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Each generation of our rackmount flagships has enjoyed a long life and we expect the H9000 to be the platform for new algorithm development for at least the next decade. New, faster ARM processors are introduced at a much more rapid pace than dedicated DSP chips—a key advantage. For ‘future proofing’ and expandability, we decided to mount the ARM DSP engines on four plug-in modules, each holding a quad core ARM processor. Each core serves as a DSP engine, giving the H9000 16 DSP engines. Owners of the H9000 will be able to update to faster processors over time.

Another challenge was designing a UI and remote application. With 16 DSP engines, 96 channels of audio, a host of formats, sample rates and whatnot, we struggled with devising an interface that was flexible, expandable and intuitive. The original UI spec was discarded after a round of user trials and we were driven back to the drawing board. The new UI introduced the concept of FX Chains to assist users in creating processing blocks that combine algorithms, handle multiple audio channels and support various control and automation capabilities.

Our new flagship leapfrogs its predecessors. Its eight channels of analog I/O has better specs than any of our previous products. With its 16 DSP engines, the H9000 can do more stuff, handle more channels of audio and unlike the H8000, it is network aware. It can support 96 channels of audio I/O over USB, ADAT, Dante, MADI and so on. It can be controlled from its front panel or controlled by our remote app/plug-in, Emote, by connecting over LAN or WIFI. While its raison d’etre is running effects, the H9000 can be used as a world-class audio I/O box—and digitally stream 8 channels of pristine analog audio.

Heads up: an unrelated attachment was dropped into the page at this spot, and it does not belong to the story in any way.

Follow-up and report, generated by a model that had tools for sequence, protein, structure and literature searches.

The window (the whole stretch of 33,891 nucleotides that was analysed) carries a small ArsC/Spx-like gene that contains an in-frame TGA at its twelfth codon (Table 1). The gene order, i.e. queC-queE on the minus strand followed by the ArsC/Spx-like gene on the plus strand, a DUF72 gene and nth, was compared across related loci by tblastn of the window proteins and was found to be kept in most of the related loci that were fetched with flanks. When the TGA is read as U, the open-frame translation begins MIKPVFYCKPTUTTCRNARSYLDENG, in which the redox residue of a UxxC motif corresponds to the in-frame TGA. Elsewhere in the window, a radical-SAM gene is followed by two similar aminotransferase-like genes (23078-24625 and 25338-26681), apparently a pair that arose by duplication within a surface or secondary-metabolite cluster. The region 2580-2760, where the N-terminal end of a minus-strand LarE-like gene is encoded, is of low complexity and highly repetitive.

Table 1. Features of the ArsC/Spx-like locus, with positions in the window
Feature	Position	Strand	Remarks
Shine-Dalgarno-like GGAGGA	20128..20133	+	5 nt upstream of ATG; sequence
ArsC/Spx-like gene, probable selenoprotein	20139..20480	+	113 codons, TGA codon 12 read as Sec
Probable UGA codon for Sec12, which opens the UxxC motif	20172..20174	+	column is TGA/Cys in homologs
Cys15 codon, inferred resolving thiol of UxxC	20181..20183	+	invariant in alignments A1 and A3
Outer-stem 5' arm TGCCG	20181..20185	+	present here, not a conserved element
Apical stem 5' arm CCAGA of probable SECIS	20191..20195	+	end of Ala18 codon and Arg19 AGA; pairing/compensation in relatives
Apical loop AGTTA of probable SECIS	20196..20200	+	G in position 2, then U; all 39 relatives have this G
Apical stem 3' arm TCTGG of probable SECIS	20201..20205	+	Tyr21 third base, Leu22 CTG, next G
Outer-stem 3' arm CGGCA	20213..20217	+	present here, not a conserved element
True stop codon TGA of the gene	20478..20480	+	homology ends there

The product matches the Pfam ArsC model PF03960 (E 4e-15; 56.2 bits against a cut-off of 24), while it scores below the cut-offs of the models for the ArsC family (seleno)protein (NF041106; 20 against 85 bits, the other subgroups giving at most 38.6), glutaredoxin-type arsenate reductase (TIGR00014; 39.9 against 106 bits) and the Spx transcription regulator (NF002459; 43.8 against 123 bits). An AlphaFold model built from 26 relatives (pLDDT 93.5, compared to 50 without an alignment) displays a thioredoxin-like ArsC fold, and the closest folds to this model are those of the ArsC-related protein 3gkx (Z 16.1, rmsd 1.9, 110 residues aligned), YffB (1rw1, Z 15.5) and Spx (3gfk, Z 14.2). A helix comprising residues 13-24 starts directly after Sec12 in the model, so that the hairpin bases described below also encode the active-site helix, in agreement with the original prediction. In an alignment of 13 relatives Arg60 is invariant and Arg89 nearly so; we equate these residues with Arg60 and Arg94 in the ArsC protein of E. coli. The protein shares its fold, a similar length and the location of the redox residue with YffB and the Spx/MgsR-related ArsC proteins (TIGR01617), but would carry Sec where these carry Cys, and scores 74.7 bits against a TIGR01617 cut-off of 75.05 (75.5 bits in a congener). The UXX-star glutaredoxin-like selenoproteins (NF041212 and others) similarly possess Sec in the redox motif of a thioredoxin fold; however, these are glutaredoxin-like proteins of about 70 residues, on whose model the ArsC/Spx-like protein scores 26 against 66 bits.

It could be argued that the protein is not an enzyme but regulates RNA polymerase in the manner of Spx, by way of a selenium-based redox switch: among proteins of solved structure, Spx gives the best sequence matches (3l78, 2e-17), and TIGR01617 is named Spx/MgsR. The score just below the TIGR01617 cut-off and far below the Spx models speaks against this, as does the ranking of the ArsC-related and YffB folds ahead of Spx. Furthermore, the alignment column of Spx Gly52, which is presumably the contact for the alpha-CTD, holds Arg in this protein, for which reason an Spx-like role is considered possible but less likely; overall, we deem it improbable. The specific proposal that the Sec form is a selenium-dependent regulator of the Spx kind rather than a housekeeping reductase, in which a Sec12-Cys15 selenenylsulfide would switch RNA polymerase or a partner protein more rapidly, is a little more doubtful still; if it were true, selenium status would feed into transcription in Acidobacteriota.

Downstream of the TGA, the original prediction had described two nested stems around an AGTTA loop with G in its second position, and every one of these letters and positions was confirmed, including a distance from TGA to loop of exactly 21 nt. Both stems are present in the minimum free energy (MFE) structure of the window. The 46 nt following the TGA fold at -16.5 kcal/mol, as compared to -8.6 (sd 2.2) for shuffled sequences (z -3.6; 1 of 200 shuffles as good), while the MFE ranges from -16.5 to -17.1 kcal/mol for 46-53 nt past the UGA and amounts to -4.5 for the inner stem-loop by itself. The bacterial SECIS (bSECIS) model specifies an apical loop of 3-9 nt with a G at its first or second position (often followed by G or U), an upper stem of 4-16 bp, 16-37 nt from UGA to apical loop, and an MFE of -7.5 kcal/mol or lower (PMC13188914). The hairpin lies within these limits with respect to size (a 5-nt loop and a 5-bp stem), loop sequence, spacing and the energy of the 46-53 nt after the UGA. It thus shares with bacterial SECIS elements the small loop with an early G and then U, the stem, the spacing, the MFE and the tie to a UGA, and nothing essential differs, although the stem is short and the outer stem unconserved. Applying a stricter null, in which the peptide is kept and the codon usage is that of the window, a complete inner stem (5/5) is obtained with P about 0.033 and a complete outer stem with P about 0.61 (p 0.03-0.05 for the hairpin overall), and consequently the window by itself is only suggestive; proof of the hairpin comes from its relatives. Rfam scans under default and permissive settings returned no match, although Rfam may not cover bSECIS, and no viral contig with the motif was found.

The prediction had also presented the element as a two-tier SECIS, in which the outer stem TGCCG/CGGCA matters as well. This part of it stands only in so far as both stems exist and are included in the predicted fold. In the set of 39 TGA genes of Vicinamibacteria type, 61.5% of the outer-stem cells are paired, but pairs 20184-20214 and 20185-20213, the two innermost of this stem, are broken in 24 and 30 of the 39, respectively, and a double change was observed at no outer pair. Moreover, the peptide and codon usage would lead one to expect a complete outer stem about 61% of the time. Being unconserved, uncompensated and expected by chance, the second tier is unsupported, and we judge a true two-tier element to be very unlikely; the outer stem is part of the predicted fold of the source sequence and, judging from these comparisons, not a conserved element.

The H9000 has three expansion slots designed to accommodate customer-specific I/O requirements. Today, we’re offering Dante and MADI expansion cards, but the slots are designed to accept additional audio channels, mic/instrument pres, other audio formats and more, which we can develop based on customer demand and market opportunity.

For the foreseeable future, the H9000 will remain a work in progress, with priorities influenced by ongoing input from leading audio pros from all sectors of pro audio and now our growing H9000 customer base as well. Completing the platform’s feature set is our highest priority. Currently, it is not possible to route between FX Chains and that’s an important feature. Also, we can’t easily distribute processing across modules—we have some applications in mind that would require all 16 cores running in concert processing a single algorithm (a ‘proof of concept’ algorithm that we created for one customer runs a 22.2 limiter!). We have also started working on surround sound Dolby Atmos applications. We continue to work on improving Emote with the goal of tailoring it for various ‘use cases.’ OK, now that I’m tossing around marketing jargon, I’m gonna wrap up.

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The H9000 project is at the heart of everything that we do. It’s the platform that will spawn our future hardware and software projects. Getting off DSP chips and on to ARM was a huge step for us; now the road ahead is wide open and we’re eager to take the next steps forward.

Tony Agnello is managing director and co-owner of Eventide.

Eventide • www.eventideaudio.com